Monday, December 29, 2014

Conduct of the Union Army

Forwarded by SCV Ft. Blakeley Camp Commander Tommy Rhodes, December 2014, a short article by Karen Stokes.

Conduct of the Northern Army

Lately, media outlets have been giving some attention to the 150th anniversary of General William T. Sherman’s infamous march through Georgia that took place in 1864, minimizing, of course, the barbarity and criminality of his campaign. You only have to read the letters and diaries written at the time of the actual events to learn the truth of the matter, however, and memoirs written long after the fact can be just as truthful. Contemporary official military correspondence and reports document the fact that Sherman shelled Atlanta without notice, deliberately aiming his guns over the Confederate lines of defense and firing into the residential and business areas of the city, killing civilians there. Mrs. Robert Campbell, who fled her home in Bolton, Georgia to take refuge in Atlanta, recalled that during the shelling in 1864, “A shell killed a newborn baby and its mother in a house adjoining mine. I hastened into a bomb-proof, as fast as possible. As I entered the door to this shelter a sixty-pounder fell almost at my feet. Suppose it had burst, where would I have been?”
Any honest person who takes the time and trouble to study the war of 1861-1865 cannot help but perceive a striking contrast between the conduct of the Northern forces (the so-called “Grand Army of the Republic”) and the Confederate troops. The campaigns of Sherman and Sheridan were not the only demonstrations of savagery by the northern army, in whose operations the practices of wanton destruction, pillage and abuse of civilians were widespread and often systematic from beginning to end, and characterized by a ruthlessness that was all the more monstrous because it was directed at fellow Americans.
On December 11, 1862, after U.S. forces drove back the defending Confederate troops from Fredericksburg, Virginia, the town was thoroughly and pillaged and vandalized. Even churches were defaced and looted, and valuables were stolen from the Masonic lodge in which George Washington had once been a member. Colonel William Davie DeSaussure of the 15th South Carolina Volunteer Infantry Regiment was proud of his men who, despite their own lack of food and clothing, contributed several hundred dollars for the relief of the civilians of Fredericksburg, “pitiable refugees” whose homes and been plundered by the Federal soldiers who occupied the town.
In the summer of 1863, the 15th S.C. Infantry Regiment was in Pennsylvania with the Army of Northern Virginia under the command of General Robert E. Lee. Lee’s ragged, malnourished men were suffering from scurvy, and their horses were starving. In dire need of food, clothing, and equipment, the army foraged extensively in Pennsylvania, obtaining essential military supplies including horses, mules, wagons, shoes, and livestock, and helping themselves to such in Federal property in government warehouses and depots. Lee, however, instructed his men to pay for anything they took from civilians. A newspaper reported, for example, that the entire stock from a boot and shoe dealer’s store in Mechanicsburg was cleaned out by soldiers who paid the merchant $4,000 in Confederate money for the footwear. Anyone who declined payment was nevertheless issued a copy of a receipt. Lee also issued an order which forbade “the wanton destruction of private property.” His hungry soldiers often availed themselves of large amounts of poultry and livestock from houses and farms while foraging for subsistence (not spoils), sometimes without paying, but these orders were generally followed, especially as far as “wanton destruction” was concerned.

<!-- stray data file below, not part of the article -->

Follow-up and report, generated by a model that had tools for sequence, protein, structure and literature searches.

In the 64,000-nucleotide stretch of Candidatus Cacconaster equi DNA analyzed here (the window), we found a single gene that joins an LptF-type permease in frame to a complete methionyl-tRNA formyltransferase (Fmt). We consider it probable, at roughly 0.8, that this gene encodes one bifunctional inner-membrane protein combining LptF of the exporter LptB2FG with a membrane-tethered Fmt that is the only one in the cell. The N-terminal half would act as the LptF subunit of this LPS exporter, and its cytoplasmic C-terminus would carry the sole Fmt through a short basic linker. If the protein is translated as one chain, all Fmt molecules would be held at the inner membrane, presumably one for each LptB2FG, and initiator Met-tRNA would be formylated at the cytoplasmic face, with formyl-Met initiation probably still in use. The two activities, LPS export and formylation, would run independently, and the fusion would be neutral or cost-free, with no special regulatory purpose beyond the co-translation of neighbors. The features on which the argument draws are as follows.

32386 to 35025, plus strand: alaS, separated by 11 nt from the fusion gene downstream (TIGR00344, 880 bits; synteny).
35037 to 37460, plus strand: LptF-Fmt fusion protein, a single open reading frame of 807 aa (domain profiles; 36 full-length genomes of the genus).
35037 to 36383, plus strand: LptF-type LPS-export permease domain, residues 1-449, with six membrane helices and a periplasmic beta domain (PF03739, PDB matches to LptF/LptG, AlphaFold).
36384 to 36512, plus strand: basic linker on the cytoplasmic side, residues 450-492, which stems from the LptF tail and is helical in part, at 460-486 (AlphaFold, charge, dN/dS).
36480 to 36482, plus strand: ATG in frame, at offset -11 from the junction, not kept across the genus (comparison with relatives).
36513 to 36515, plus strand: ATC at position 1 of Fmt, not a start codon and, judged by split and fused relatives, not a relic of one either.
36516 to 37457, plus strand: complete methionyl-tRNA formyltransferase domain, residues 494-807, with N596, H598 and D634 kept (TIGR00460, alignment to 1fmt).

Franklin Gaillard, a Confederate officer from South Carolina who served in Lee’s army, wrote home to his son on June 18, 1863, that General Lee had “issued very stringent orders” concerning the treatment of private property. Gaillard added: “He is very right for our Army would soon become demoralized if they were allowed to do as many of them would like to. Many of them think it hard that they should not be allowed to treat them [the Pennsylvanians] as their soldiers treated our people.”
While the Confederates were in control of Gettysburg, they searched the town for horses and foodstuffs, but, with few exceptions, left most other civilian property undisturbed. A Confederate officer there, Captain Barziza, described the contrast between Gettysburg and Fredericksburg:
Whilst in Gettysburg, I could not but remark the difference between the conduct of our army and that of the enemy in invading our country. Here stood the town, after three day’s hard fighting around and in it, almost entirely untouched. No wanton destruction of property of any description could be seen; no women and children complained that they were homeless and beggars. Then I called to mind the scenes around the city of Fredericksburg the winter previous; private houses sacked and burned, books, furniture, and everything perishable utterly destroyed; women flying from burning houses with children in their arms, and insult and outrage at full license.

About Karen Stokes

Karen Stokes is an archivist and writer in Charleston, S.C. She is the co-editor of Faith, Valor and Devotion: The Civil War Letters of William Porcher Dubose (USC Press, 2010), and A Confederate Englishman: The Civil War Letters of Henry Wemyss Feilden (USC Press, 2013). She is also the author of South Carolina Civilians in Sherman's Path (History Press, 2012), and The Immortal 600: Surviving Civil War Charleston and Savannah (History Press, 2013). Belles: A Carolina Love Story (Ring of Fire, 2012), was her first venture into historical fiction, and her newest historical novel is The Soldier's Ghost: A Tale of Charleston (Ring of Fire, 2014).